She has heard a whisper say,
A curse is on her if she stay
To look down to Camelot.
She knows not what the curse may be,
And so she weaveth steadily,
And little other care hath she,
The Lady of Shalott.
And moving through a mirror clear
That hangs before her all the year,
Shadows of the world appear.
There she sees the highway near
Winding down to Camelot;
There the river eddy whirls,
And there the surly village churls,
And the red cloaks of market girls
Pass onward from Shalott.
Sometimes a troop of damsels glad,
An abbot on an ambling pad,
Sometimes a curly shepherd lad,
Or long-hair'd page in crimson clad
Goes by to tower'd Camelot;
And sometimes through the mirror blue
The knights come riding two and two.
She hath no loyal Knight and true,
The Lady of Shalott.
But in her web she still delights
To weave the mirror's magic sights,
For often through the silent nights
A funeral, with plumes and lights
And music, went to Camelot;
Or when the Moon was overhead,
Came two young lovers lately wed.
"I am half sick of shadows," said
The Lady of Shalott.
A bow-shot from her bower-eaves,
He rode between the barley sheaves,
The sun came dazzling thro' the leaves,
And flamed upon the brazen greaves
Of bold Sir Lancelot.
A red-cross knight for ever kneel'd
To a lady in his shield,
That sparkled on the yellow field,
Beside remote Shalott.
The gemmy bridle glitter'd free,
Like to some branch of stars we see
Hung in the golden Galaxy.
The bridle bells rang merrily
As he rode down to Camelot:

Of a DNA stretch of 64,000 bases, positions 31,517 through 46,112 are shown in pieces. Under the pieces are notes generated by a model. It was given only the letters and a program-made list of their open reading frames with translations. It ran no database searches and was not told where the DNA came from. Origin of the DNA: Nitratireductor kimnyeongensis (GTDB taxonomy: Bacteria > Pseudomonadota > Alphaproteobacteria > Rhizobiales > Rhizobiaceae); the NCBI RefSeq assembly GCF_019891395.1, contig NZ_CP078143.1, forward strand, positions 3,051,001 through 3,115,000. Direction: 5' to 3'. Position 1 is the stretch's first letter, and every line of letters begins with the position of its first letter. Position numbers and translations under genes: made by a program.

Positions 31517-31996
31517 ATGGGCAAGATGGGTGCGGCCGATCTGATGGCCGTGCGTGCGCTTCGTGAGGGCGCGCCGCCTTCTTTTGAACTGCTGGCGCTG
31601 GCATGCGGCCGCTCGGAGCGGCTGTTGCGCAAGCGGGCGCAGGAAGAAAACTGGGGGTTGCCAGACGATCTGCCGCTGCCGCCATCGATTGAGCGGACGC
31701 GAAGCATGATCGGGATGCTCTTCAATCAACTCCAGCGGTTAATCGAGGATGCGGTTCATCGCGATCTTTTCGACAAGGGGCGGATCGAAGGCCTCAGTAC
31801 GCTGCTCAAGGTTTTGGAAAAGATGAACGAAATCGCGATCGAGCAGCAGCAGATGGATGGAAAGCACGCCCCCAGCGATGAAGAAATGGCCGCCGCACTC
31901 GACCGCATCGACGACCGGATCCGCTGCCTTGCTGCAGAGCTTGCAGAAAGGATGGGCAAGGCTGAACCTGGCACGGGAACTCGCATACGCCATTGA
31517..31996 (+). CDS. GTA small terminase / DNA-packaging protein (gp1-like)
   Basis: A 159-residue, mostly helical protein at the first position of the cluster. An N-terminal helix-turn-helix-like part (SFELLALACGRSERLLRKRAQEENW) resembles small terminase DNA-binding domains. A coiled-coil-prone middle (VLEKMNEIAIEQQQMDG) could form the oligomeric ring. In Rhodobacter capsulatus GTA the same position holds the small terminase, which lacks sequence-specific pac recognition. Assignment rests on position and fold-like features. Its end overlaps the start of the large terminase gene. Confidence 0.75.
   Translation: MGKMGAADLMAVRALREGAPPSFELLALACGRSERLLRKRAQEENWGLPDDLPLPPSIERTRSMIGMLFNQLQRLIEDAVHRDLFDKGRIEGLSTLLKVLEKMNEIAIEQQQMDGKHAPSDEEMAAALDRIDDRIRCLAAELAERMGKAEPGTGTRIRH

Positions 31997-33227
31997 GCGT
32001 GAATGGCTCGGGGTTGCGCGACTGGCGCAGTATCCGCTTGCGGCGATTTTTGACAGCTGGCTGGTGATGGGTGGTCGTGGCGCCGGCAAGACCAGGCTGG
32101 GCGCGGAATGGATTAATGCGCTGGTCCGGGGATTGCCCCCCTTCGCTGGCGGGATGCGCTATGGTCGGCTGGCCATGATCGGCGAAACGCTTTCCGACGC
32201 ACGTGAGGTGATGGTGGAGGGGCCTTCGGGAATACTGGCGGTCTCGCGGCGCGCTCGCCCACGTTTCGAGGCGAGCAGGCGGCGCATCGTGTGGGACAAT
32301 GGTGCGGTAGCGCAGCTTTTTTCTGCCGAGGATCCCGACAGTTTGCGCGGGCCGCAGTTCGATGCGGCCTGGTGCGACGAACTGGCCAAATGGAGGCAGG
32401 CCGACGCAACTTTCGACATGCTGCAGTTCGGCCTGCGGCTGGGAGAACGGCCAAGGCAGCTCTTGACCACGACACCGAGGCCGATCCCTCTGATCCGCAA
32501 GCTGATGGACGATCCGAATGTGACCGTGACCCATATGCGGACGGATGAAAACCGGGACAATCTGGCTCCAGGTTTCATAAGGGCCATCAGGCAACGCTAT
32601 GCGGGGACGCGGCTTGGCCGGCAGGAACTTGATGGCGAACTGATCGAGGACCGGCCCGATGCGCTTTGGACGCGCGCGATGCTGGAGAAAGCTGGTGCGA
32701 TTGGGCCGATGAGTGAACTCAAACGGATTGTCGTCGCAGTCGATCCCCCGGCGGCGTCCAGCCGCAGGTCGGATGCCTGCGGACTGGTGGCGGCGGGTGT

And from his blazon'd baldric slung
A mighty silver bugle hung,
And as he rode his armor rung
Beside remote Shalott.
All in the blue unclouded weather
Thick-jewell'd shone the saddle-leather,
The helmet and the helmet-feather
Burn'd like one burning flame together,
As he rode down to Camelot.
As often thro' the purple night,
Below the starry clusters bright,
Some bearded meteor, burning bright,
Moves over still Shalott.
His broad clear brow in sunlight glow'd;
On burnish'd hooves his war-horse trode;
From underneath his helmet flow'd
His coal-black curls as on he rode,
As he rode down to Camelot.
From the bank and from the river
He flashed into the crystal mirror,
"Tirra lirra," by the river
Sang Sir Lancelot.
She left the web, she left the loom,
She made three paces through the room,
She saw the water-lily bloom,
She saw the helmet and the plume,
She look'd down to Camelot.
Out flew the web and floated wide;
The mirror crack'd from side to side;
"The curse is come upon me," cried
The Lady of Shalott.
In the stormy east-wind straining,
The pale yellow woods were waning,
The broad stream in his banks complaining.
Heavily the low sky raining
Over tower'd Camelot;
Down she came and found a boat
Beneath a willow left afloat,
And around about the prow she wrote
The Lady of Shalott.
And down the river's dim expanse
Like some bold seer in a trance,
Seeing all his own mischance --
With a glassy countenance
Did she look to Camelot.
And at the closing of the day